Intel's Atom processor has been stealing the limelight when it comes to small, portable Internet devices, but Intel rivals Arm and Texas Instruments hope to change that.
The two companies held a joint press conference a day before the start of the Computex trade show in Taipei on Monday to promote the use of their chips in mobile Internet devices, or MIDs, an emerging class of products that includes high-end smartphones, small tablet PCs and mini-laptops.
Arm and TI are already strong players in smartphones, but their products don't appear yet in mini-laptops like the Asus Eee PC, which is based on an Intel chip. But that will change by the end of this year, according to Seshu Madhavapeddy, general manager of TI's Mobile Internet Devices division.
He said that MIDs in all form factors -- including mini-notebooks -- will be announced by hardware makers this year based on TI's OMAP 3 processor, which uses an Arm core. Madhavapeddy would not name any of the manufacturers, however.
If those devices appear it will escalate the competition between Arm and TI on the one hand, and Intel, which coined the MID name and is hawking its Atom processor as the best chip for those devices. Indeed, as Intel tries to go "downmarket" with Atom and play a bigger role in the smartphone business, Arm, TI and other phone chip companies are hoping to move upmarket and challenge Intel in small laptops. At a separate press event here Qualcomm, another Arm licensee, announced similar ambitions.
"The OMAP 3 is great for all devices that need wireless connectivity, a full Web browsing experience and low power consumption," Madhavapeddy said, referring to TI's latest processor. "Whether it has a 3.5-inch screen or an 8-inch screen is irrelevant."
Arm and TI say their experience with the low-power and wireless requirements of mobile phones make them able competitors in the MID market. Arm's chip designs are generally less powerful than Intel processors, but Bob Morris, director of marketing for Arm's mobile computing segment, argued that processors based on Arm's new Cortex-A8 core use less power than Intel's Atom.
When a user puts a device into sleep mode, Morris said, the Cortex-A8 saves its last contents to external DRAM, which allows the Arm chip to shut own completely, conserving power. He claimed that Intel's Atom processor consumes a trickle of energy even when devices are asleep.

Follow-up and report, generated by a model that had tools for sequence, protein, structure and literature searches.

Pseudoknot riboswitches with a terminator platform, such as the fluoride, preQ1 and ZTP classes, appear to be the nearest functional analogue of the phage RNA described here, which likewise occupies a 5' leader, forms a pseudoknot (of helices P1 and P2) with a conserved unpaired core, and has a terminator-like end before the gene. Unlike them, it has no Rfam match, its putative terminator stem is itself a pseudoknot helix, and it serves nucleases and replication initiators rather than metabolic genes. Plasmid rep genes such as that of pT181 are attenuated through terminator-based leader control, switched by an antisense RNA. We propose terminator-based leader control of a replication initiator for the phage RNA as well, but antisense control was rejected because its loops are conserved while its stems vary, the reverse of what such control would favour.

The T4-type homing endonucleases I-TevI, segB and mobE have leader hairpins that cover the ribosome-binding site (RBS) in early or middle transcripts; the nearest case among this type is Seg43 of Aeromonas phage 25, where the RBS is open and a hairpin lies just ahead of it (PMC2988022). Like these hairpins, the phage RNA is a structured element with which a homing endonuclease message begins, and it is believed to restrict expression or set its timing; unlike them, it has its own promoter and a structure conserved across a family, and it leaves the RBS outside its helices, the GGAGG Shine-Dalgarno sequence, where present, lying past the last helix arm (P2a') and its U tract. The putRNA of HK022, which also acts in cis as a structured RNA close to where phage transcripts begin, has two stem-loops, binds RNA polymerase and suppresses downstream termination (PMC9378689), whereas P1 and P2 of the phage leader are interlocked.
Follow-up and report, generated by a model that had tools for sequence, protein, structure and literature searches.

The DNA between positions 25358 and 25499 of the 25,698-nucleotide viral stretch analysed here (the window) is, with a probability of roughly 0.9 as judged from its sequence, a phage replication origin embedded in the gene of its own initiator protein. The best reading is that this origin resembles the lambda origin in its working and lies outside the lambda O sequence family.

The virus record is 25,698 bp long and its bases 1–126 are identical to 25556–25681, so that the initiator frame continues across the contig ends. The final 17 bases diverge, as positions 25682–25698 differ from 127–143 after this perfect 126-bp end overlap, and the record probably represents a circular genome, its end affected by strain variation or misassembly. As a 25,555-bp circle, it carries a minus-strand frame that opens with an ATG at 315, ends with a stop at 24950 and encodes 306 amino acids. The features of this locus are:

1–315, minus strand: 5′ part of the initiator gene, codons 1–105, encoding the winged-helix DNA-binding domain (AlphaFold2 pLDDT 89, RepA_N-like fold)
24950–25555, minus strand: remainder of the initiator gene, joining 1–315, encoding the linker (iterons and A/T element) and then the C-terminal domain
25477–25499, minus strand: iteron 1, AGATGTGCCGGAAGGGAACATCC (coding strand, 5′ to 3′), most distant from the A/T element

Arm will release an updated design, the Cortex-A9, next year, Morris said. It will be a multicore design, allowing manufacturers like TI to use up to four Arm cores on a single chip, he said.
While Arm-based chips are already established in small tablet devices like Apple's iPod Touch and the Nokia N800, Intel has the advantage in mini-notebooks. Besides having an early lead with the Eee PC and other products, device makers who use Intel chips have more choices for software, including the Windows XP OS, which doesn't currently run on Arm devices.
TI is focussing its efforts on Linux, Madhavapeddy said. Asked if the company has tried in its labs to run Windows XP on its OMAP processors, he declined to comment.
TI's OMAP 3 has four processor cores on a single chip, including the Cortex-A8 and three discrete cores for multimedia, graphics and image processing. That allows the chip to play high-definition video or render 3D images for gaming, while fitting into small devices, Morris said.
Arm now sees Intel as a more direct competitor, and in response is trying to build a more complete software ecosystem around its products, Morris said. MIDs typically include PC-like functionality, including a full Web browser and productivity tools, despite their small size.
A reporter at the press conference noted that Arm has talked less in the past about competing directly with Intel. "We were quiet last year, and we sat internally and thought about this for a while, and we are now no longer being quiet," Morris said.
The rivalry may not end at handheld devices, either. Morris said server manufacturers looking to reduce power consumption in their products have approached Arm about possibly using its chip designs in their servers.
(Dan Nystedt in Taipei contributed to this report.)